American Fabrics Magazine: An Introduction

The FIDM Museum Special Collections hold a treasure trove of fashion ephemera. From personal and business archives to trade publications, these supplementary materials help us interpret the physical objects in the Museum’s collection. Today, Registrar/Museum Coordinator Leigh Wishner, our resident textile aficionado, introduces you to a magazine that illustrates the importance of fabrics in fashion, and guided the textile industry in the mid-to-late 20th century: American Fabrics.

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1American Fabrics magazines, left to right: Fall 1970, # 88; Fall 1976, #108; 1985, #133. All magazines in post: FIDM Museum Special Collections, Gift of Carol Dawes, SC2011.1168

Evening gowns, cocktail dresses, business suits, casual sportswear, and athletic attire: what is the common denominator for all these forms of clothing? The answer, naturally, is textiles–but in fashion studies, textiles are surprisingly overlooked. Designers and their “signature styles” typically receive the most attention, but often, they couldn’t achieve that lauded status without choosing just the right fabric for each creation. For fashion historians, gaining insights into fabric construction and their associated uses can be challenging without the right primary source materials. Fortunately, The FIDM Museum’s Special Collections has an extensive archive of American Fabrics magazines, ranging from the 1940s to the 1980s. Each volume documents trends in women’s, men’s, and children’s fashions, as well as those for furnishings and industrial uses–all centered on the American textile industry.

2American Fabrics, Spring 1952, #21: cover

3American Fabrics Spring 1952, #21: Julliard advertisement

I admit: this publication is a personal obsession. Perhaps by the end of this post, it will be for you, too. I’d like to give you an overview in preparation for future posts that will highlight some of the talented stars of the American fabrics and fashion scene in the second half of the 20th century. As often as possible, I plan to make connections between what is found in the FIDM Museum collection and what is featured in the pages of this magazine. My goal? To bring fashion lovers and textile fanatics together, and underscore a registered trademark claim set forth in the magazine by the Juilliard woolens company: “Fine fabrics are the foundation of fashion.”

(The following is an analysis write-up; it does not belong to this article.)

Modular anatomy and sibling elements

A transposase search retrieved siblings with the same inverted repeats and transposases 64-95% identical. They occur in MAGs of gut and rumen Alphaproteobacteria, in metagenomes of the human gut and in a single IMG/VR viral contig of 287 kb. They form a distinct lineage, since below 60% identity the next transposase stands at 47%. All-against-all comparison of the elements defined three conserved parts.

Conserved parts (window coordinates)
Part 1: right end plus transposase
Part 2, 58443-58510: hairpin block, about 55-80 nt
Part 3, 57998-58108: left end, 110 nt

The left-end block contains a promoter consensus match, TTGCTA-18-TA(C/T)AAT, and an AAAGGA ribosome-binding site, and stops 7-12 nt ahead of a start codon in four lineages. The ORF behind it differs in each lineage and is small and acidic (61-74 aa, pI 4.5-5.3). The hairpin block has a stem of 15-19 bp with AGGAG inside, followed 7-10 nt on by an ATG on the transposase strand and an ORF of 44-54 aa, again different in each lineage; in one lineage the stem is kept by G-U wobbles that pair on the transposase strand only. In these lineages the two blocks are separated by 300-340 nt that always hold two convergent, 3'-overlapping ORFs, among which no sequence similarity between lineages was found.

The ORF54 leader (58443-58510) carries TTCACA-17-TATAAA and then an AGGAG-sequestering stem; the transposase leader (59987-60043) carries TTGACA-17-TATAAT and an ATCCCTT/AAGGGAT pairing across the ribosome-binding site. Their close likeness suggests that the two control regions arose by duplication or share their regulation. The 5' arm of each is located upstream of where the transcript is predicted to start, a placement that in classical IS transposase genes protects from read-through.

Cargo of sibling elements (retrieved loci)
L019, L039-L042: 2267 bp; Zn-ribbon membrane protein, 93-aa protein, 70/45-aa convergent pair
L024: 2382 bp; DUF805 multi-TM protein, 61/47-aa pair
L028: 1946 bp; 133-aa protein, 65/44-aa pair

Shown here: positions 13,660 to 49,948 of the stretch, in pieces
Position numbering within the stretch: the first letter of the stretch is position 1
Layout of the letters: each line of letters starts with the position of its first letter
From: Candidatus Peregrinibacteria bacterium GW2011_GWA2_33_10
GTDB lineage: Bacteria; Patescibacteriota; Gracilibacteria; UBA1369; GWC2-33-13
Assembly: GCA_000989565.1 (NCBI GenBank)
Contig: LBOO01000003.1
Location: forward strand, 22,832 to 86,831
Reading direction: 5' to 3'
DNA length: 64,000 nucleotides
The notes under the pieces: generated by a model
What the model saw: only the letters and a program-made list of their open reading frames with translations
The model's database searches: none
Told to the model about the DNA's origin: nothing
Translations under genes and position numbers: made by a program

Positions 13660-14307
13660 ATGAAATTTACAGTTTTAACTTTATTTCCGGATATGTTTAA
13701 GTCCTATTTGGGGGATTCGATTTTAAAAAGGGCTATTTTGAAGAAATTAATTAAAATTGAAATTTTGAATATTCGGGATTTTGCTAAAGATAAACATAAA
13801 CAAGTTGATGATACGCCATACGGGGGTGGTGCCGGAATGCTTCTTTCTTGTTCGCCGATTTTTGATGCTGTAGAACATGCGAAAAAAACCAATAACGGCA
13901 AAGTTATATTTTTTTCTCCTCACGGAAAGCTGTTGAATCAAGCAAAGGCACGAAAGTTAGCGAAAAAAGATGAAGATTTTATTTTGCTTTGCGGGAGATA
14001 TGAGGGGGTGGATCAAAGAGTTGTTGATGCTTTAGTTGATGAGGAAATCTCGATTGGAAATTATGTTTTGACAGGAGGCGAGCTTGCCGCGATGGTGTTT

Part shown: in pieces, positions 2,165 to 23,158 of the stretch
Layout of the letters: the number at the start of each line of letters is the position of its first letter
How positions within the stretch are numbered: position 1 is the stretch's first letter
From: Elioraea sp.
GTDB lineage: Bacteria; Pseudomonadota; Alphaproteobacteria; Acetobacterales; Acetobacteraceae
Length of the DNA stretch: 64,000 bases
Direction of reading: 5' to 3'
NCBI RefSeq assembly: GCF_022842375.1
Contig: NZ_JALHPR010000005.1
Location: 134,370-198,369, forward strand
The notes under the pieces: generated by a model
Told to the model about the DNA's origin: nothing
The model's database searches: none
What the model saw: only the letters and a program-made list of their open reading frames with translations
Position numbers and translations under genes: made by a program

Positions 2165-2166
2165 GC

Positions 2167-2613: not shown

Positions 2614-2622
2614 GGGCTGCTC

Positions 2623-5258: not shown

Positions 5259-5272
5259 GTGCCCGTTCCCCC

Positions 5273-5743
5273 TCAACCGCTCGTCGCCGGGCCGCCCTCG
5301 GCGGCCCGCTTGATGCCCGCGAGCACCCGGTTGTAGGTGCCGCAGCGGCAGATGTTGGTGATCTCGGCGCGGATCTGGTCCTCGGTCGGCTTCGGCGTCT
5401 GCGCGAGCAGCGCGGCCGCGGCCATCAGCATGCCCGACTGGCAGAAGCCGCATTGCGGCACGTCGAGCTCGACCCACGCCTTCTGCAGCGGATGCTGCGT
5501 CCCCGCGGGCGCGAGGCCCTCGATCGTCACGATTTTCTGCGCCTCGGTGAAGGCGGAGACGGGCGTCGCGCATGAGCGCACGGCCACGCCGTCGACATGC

4American Fabrics Summer 1966, #72: cover 

5American Fabrics, Summer 1966, #72: tipped-in fabric swatches

American Fabrics chronicled forty years of the textile and fashion industry in the United States and beyond. It was launched in fall 1946, and ceased publication in the fall of 1986. Through the 1970s and 1980s, the title was re-christened American Fabrics and Fashions and the variant AFF: American Fabrics/Fashion. Released quarterly, each volume was handsomely designed in an oversized format (14.5” H x 11” W) and available by subscription. “Tipped-in” fabric swatches, pasted in manually, and other supplementary materials were a hallmark of this magazine; innovative mixes of paper stock were also used for artistic effect. These features made American Fabrics an expensive publication to produce, but publisher Willliam Segal was committed to making it more than just a trade journal–he envisioned it as broadly intellectual and aesthetic. The overall “feel” of an American Fabrics magazine is eclectic, which stems from Segal’s aspirations: he practiced painting and poetry, and was intensely interested in Eastern religions and philosophies. Gentry,  Segal’s “brother” publication to American Fabrics, was devoted to mens’ lifestyle and fashions.